1. A number of states, including my home state of Oregon, are closing all schools down. I just heard yesterday Washington will close for 6 weeks. Like you, I can’t fathom why NYC would keep schools open. I have friends who have taken their kids and left the city because they don’t want their kids in school right now. My own kids are canceled for at least two weeks. I agree with you, it’s crazy how districts are responding so differently.

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  2. This pretty much sums up how many of us feel this weekend as we send students home – for who knows how long – hoping the seeds of learning and reading are able to grow at home.

    Liked by 1 person

  3. Isn’t that such a good feeling, to personally return an item to a child, before it becomes a “lost” item? Especially here, when you know it is a book he is dying to read, and a comfort during uncertain times. I have read both those books and they will help your student through all this 🙂

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  4. This slice is so simple but so beautifully done- the emotion on both sides comes through. Thanks for sharing a good moment in this uncertain time. Our family will be discovering new worlds through lots of reading in the next weeks!

    Liked by 1 person

  5. I have, on occasion, had the experience of finding a student to get a book into their hands (although I am less silent bat and much more rampaging rhino!), but witnessing your exchange made me so sad. I was out of our building on Thursday, we had a PD day Friday and it is unclear whether we will see our students Monday…I am aching for a few moments to reassure my students and make sure they have that “just right” book to take with them.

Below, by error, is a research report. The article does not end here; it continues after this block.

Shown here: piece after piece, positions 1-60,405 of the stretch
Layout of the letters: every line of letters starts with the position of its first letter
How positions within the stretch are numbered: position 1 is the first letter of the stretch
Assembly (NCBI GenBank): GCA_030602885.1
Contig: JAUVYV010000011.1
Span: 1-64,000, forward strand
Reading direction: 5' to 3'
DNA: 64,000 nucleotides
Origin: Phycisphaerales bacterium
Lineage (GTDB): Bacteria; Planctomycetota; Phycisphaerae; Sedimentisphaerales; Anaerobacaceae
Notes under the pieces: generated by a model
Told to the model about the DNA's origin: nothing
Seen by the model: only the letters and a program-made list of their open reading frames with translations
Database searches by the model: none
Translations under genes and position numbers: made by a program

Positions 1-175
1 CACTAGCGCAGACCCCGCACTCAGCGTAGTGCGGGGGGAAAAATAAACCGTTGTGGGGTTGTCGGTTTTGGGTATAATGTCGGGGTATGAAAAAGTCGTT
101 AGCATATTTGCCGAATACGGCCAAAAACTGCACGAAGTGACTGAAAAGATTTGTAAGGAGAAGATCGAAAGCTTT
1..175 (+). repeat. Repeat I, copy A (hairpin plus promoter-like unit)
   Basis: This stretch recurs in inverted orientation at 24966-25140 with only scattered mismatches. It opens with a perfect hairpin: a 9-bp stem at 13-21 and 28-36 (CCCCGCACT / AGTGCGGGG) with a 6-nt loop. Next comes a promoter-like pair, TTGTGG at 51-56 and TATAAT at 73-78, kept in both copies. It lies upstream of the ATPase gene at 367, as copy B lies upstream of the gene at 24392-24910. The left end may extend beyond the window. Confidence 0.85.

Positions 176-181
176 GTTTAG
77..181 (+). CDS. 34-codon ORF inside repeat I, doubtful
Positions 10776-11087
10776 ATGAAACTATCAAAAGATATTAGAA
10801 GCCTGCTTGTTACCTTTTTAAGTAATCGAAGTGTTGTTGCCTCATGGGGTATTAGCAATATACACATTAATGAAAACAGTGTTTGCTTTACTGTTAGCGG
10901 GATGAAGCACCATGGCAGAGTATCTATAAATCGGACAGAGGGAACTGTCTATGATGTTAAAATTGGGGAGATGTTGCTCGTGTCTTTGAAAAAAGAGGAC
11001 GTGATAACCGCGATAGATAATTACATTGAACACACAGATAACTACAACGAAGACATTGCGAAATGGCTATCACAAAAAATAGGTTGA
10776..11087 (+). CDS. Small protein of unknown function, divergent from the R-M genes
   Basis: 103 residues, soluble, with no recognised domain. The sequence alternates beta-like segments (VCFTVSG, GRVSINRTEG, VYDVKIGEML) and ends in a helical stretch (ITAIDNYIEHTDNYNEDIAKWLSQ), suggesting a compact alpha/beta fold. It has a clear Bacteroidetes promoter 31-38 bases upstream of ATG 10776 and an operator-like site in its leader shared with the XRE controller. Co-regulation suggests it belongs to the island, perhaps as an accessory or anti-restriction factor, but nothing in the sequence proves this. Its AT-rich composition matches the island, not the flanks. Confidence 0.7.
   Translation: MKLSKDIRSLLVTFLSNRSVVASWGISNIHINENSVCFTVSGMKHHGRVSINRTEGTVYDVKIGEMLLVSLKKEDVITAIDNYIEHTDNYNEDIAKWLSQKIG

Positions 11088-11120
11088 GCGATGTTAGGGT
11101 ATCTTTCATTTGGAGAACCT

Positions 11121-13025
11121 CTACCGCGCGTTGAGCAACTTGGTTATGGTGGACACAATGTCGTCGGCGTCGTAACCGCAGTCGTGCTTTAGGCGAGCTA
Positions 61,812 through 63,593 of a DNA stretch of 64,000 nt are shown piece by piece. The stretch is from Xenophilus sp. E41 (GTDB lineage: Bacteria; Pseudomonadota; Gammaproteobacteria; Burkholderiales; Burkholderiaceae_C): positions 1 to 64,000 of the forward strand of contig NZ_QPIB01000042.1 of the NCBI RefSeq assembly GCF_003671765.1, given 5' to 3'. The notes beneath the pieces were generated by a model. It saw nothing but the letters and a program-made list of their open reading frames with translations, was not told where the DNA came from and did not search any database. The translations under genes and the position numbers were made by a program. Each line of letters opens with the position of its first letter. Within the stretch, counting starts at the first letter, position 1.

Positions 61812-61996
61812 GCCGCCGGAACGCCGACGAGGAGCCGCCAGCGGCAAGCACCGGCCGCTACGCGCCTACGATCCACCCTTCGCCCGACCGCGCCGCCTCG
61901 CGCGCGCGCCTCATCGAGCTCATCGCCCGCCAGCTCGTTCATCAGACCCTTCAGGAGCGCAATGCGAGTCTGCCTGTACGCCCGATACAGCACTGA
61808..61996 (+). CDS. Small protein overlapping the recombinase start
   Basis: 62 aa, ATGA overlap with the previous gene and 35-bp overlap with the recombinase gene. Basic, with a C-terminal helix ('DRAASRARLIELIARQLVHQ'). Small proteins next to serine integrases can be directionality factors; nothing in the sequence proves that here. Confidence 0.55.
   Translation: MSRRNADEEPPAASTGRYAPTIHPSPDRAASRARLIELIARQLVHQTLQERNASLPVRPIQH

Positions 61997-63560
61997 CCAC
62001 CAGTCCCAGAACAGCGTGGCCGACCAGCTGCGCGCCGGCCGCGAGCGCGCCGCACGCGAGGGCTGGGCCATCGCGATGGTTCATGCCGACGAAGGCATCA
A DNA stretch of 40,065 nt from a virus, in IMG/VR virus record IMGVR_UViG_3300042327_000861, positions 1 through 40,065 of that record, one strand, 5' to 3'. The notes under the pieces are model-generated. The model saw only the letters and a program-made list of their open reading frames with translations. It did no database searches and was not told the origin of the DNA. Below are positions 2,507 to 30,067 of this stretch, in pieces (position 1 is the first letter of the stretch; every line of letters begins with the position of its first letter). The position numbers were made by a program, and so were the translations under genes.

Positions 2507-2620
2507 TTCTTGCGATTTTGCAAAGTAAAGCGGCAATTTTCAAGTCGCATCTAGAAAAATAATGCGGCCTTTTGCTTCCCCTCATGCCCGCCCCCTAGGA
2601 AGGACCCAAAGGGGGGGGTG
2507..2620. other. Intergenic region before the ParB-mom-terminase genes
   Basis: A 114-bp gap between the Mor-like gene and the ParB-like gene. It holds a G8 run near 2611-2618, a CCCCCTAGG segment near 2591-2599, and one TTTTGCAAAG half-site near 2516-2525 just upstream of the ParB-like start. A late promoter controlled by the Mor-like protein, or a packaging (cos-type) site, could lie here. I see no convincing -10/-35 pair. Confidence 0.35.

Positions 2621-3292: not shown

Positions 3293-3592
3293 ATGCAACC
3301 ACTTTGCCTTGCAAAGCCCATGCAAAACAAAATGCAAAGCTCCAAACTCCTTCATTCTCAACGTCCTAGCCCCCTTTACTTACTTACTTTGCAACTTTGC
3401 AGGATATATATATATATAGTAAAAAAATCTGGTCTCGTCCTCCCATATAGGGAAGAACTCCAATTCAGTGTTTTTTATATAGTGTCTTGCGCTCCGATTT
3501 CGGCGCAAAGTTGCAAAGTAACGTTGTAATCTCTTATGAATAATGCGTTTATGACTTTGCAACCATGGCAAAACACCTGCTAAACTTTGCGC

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  6. I love the craft moves in this part: Working my hardest to emulate the silence of a bat, I swooped toward the boy. Kneeling down, I laid the book on his desk. He looked at me. I looked at him. He looked at the book.
    I clearly picture you stealthily moving toward him, squatting down and the exchange of looks. Thanks for sharing.

    Liked by 1 person

  7. Felt like I was right there observing (almost intruding on) this private moment and so glad I could witness that genuine act of caring and connection that so many amazing teachers offer to their students each day. It is tiny interactions like this that can make a tremendous difference in the lives of our students, and like you mentioned, you never know just how impactful or if it might be the last chance for a long time. LOVED this!

    Liked by 1 person

  8. Haunting and hopeful layers in this slice. There’s small winning to be had in continuing to write, read, and share. whether to start making sense of new situations we’ve never experienced before or to pause meaningfully over the familiar act of a teacher sharing a book with a student.

    Liked by 1 person

  9. Your slice is what teaching is all about. I could just picture you “swooping” in and the boy’s face. He may have been making a small smile, probably was, but inside that smile will grow and grow. And one day he will tell this story, the story of a teacher who made a difference.

    Liked by 1 person